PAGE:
I want to start a series on Gold and its long run properties because I see that gold has a unique place in the a lot of folks economic thinking. For example, Bob Murphy says
I submit that Krugman, DeLong, et al., will have a hard time really understanding the market’s embrace of gold (and silver), if they try to explain its price with a model that ignores gold’s historical role as a medium of exchange. (To his credit, the deflationist Mish has always emphasized gold’s special place as the market’s money.)
When bad news from Greece causes Treasury prices to rise, everybody accepts the commonsense explanation that, "Investors are fleeing the euro into the dollar." So why should it be such a mystery that Bernanke’s incredible dollar pumping would send worried investors into safe-haven currencies (gold and silver) that cannot be debased?
I’d like to start by suggesting that gold can be effectively debased. I don’t want to get into definitional issues and I am aware that technically debasement of gold would mean swapping out some of the gold for a less precious metal.
However, what I think people have in mind is that the world could not be suddenly flooded with gold. Yet, it could.
So we have one obvious historical example and this was the discovery of the New World. Looking at the effects of gold and silver rushing into Europe is some of the earliest evidence that “money matters” and that markets cannot be understood without appealing to money itself.
This was no debasement by an Empire in decline or other policy or technological advance that could effect real variables. It was simply the discovery of what was at the time more money.
The result was a boom and a subsequent period of rapid inflation. In addition, bankers and others with large holdings of gold saw big losses after the New World discoveries.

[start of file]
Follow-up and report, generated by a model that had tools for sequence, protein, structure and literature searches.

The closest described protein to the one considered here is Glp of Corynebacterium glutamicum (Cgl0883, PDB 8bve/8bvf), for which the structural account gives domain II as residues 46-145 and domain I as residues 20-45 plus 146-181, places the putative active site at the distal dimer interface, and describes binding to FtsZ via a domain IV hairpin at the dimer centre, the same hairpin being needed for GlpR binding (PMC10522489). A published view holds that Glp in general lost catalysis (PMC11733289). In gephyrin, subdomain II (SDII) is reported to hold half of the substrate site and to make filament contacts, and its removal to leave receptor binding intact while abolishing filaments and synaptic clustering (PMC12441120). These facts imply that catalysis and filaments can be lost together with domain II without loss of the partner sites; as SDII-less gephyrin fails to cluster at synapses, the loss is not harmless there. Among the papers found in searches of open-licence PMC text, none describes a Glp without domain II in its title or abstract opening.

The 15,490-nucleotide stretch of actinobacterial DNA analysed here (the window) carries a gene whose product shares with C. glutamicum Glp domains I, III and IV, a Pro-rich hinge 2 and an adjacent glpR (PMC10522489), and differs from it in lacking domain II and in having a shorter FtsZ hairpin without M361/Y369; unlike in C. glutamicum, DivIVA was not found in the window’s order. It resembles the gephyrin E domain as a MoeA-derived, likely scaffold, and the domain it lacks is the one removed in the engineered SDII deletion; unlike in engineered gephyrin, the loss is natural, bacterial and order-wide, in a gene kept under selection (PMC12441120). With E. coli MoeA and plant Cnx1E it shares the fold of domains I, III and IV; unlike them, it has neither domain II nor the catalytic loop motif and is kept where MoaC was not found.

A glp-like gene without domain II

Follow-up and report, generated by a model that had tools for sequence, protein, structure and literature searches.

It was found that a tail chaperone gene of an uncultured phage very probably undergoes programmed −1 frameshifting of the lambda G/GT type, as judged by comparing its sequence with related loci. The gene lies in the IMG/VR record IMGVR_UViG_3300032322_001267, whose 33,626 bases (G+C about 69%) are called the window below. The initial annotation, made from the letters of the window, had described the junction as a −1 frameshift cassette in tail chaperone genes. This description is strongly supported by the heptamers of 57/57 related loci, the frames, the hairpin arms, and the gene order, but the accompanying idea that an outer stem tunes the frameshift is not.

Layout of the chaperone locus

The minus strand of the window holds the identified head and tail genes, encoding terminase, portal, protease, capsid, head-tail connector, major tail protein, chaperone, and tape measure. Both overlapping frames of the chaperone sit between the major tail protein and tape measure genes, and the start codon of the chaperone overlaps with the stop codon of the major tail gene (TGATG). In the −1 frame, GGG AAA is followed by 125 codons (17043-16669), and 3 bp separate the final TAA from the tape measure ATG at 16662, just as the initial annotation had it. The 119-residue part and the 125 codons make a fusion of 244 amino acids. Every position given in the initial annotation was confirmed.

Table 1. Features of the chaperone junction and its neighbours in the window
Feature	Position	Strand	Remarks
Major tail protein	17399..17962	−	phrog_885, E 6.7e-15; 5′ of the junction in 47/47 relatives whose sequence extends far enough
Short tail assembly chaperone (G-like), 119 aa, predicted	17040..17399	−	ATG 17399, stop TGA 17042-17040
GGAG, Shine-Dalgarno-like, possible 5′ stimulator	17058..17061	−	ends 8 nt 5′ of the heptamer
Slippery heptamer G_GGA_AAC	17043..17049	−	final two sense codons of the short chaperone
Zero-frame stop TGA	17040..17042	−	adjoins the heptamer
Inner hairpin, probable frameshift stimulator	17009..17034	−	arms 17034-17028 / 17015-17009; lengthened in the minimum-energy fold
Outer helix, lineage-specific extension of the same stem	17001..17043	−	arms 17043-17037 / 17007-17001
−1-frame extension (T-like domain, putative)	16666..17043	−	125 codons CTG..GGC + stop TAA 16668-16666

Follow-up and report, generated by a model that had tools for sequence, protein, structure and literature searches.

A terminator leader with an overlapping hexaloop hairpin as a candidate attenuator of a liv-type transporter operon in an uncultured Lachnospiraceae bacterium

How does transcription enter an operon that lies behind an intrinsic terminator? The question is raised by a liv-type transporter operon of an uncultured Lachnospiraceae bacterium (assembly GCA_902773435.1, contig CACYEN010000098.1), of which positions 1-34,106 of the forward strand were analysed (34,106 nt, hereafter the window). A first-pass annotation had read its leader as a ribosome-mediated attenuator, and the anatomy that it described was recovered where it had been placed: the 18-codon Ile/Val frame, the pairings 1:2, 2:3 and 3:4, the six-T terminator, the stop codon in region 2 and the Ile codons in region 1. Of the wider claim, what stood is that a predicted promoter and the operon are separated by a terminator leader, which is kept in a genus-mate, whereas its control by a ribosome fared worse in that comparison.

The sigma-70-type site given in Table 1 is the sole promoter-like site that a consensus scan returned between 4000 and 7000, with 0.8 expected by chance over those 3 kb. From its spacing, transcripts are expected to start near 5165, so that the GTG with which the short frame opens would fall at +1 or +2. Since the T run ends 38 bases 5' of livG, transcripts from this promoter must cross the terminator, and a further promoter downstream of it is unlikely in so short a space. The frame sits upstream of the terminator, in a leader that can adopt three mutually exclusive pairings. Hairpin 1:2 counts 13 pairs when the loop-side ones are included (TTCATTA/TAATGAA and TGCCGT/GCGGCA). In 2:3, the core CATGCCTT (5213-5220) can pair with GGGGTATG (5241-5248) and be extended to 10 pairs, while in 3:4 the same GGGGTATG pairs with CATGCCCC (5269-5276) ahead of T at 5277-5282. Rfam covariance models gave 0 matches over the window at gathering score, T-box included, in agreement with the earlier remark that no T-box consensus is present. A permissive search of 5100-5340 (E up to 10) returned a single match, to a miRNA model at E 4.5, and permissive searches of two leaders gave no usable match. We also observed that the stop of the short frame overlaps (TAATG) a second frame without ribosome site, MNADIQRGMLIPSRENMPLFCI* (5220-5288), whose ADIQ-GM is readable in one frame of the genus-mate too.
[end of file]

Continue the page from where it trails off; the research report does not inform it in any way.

Could something like this happen again? I submit to you that it could. For example roughly 5 billion ounces of gold have be mined in human history. Yet, conservative estimates suggest that at least 25 billion ounces of gold are dissolved in the world’s oceans.
At present it is highly uneconomical to attempt to extract gold from sea water. However, this may not always be the case. There are bacteria which seem to be able to collect gold from the water and form flutes. If these bacteria could be mass engineered in the lab and then seeded into the water they might form an economical way to extract gold.
I am not suggesting that this is likely anytime soon or that you should run out and invest in gold bacteria! It is simply to point out that there is no reason to think the supply of gold is roughly constant or will necessarily grow at the rate of the overall world economy.
The supply of gold could grow much slower than the world economy in which case we would expect the real price of gold to rise quickly. The supply of gold could also grow much faster than the world economy in which case we would expect the real price of gold to decline.
There are other issues which I think dominate the price of gold in the short run, but I want to first make the point that a practical debasement of gold is completely possible.